Gasification is currently the best approach to start off the process of biomass to bio-energy. Plasma gasification may be the best all-purpose approach for the widest variety of feedstocks. Here is a description of Skygas, one of many approaches to gasification:
Skygas™ is the code name for an innovative technology for the disposal/gasification of carbonaceous wastes. It is a newly developed electric arc conversion process that converts solid and semi-solid waste into clean, medium BTU synthesis gas that can be used for steam production or direct fired gas turbine generation of electric power. The composition of the gas (primarily CO and H2) are useful building block chemicals. They can be taken through well-known chemical processing steps to produce products such as methanol and acetic acid, or downstream chemicals such as formaldehyde, acetic anhydride, vinyl acetate, acetate esters and many others. The reducing gas may also be combined with nitrogen to produce chemicals such as ammonia and urea.

The electric arcs produced in the primary reactor by three electrodes are sufficiently energetic to cause the generation of ionic reactive species by homolytic bond cleavage. Both the carbonaceous materials and the water molecules can be broken into ionic reactive species. These species will react in a chain reaction with other feed molecules to form still more ionic reactive species and cause the breakage of more chemical bonds. The net result of these ionic homolytic reactions is the conversion of the relatively high molecular carbonaceous feed material into low molecular gas products, primarily carbon monoxide, hydrogen and methane. ___Skygas__via__Qi-bioenergy
Following the flow diagrams above, the synthesis gas can be either used to drive a gas turbine, to create steam, to make hydrogen, alcohol fuels, gasoline and diesel fuels, or to generate electrical power. The image at the top of this post comes from BRI Energy, which is one of the many small companies at the forefront of developing biomass energy from waste products and other non-food materials.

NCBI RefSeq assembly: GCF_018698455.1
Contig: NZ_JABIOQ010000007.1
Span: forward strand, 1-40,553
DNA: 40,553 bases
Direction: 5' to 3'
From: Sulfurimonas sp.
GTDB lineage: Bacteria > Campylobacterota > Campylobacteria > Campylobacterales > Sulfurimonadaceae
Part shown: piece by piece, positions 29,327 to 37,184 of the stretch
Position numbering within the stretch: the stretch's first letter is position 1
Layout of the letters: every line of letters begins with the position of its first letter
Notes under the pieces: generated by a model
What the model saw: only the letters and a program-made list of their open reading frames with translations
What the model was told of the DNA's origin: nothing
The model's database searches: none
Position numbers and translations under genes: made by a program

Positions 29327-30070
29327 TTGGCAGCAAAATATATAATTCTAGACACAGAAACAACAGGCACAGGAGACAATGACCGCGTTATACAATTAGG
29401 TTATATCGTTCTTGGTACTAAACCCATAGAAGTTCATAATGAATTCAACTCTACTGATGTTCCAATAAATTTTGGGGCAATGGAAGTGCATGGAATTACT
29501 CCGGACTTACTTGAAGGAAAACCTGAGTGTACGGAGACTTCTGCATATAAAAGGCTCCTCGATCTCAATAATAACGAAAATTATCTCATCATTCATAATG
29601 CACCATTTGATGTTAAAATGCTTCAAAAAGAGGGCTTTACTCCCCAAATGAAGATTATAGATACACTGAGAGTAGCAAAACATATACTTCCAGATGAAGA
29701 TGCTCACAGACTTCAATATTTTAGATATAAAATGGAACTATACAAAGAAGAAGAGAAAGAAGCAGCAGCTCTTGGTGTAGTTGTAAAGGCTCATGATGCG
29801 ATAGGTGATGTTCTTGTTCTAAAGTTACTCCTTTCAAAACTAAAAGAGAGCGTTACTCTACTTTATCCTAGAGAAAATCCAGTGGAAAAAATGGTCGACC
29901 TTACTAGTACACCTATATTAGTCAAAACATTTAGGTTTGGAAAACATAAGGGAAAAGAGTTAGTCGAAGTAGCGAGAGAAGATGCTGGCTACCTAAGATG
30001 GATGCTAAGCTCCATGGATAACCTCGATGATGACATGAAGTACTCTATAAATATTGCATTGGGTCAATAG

Recent criticism of bio-energy from Time magazine and other media outlets only serve to emphasize the disconnect between the pioneers and informed observers of bio-energy and the lazy and ignorant media analysts who keep the public in ignorance of this valuable resource. As ligno-cellulose bio-waste resources are more easily converted into useful energy and fuel resources, the usefulness of biomass energy will become more difficult to conceal and obfuscate.

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Looking For Oil Under the Lava Flows--New Oil Exploration Technology Opens New Frontiers

Huge quantities of oil lie in sediments that have been covered by volcanic activity over hundreds of millions of years of geologic upheaval. New methods of "seeing through" lava flows on the ocean floor--to the rich sediments below--are bringing previously hidden regions of the planet's undersea surface into the oil exploration game.
The scientists, led by Professor Robert White, FRS at the University of Cambridge (UK), also developed a new method of seeing through the thick lava flows beneath the seafloor to the sediments and structures beneath. The technique is now being employed to further oil exploration of the area which was previously restricted by the inability to image through the lava flows.

The research was funded by a university-industry research group, which included Cambridge and Liverpool Universities, Schlumberger Cambridge Research Ltd and Badley Geoscience Ltd, with major funding input from WesternGeco, the Natural Environment Research Council, the Department of Trade and Industry, and eight oil companies.

...The researchers’ findings [...] have implications for oil exploration in the region. Large volumes of oil have already been discovered (and are being extracted) in the sediments under the seabed between the Shetland Islands and the Faroe Islands. If these same sediments extend westward towards the Faroe Islands, as geological models suggest they do, there may be more oil to be found.

Conventional exploration techniques have not been able to penetrate the thick layers of lava flows that poured over them at the time the North Atlantic broke open. Techniques developed in conjunction with the mapping research enable the penetration of the molten rock layer to the sediments and structures that lie beneath them.___GCC
Peak Oil theory is based upon ignorance: Ignorance of the true extent of oil formations under most of the surface of the Earth. Only North America has been fairly well explored for oil, and even there, large new fields are still being found. The age of oil is far from over.

Which is a good thing, since neither renewable energy nor nuclear energy are ready to provide the fuels and power currently being provided by oil and gas. Oil will be absolutely necessary during the next few decades, to bridge into the new era of renewables, safe fission, and hopefully controlled fusion.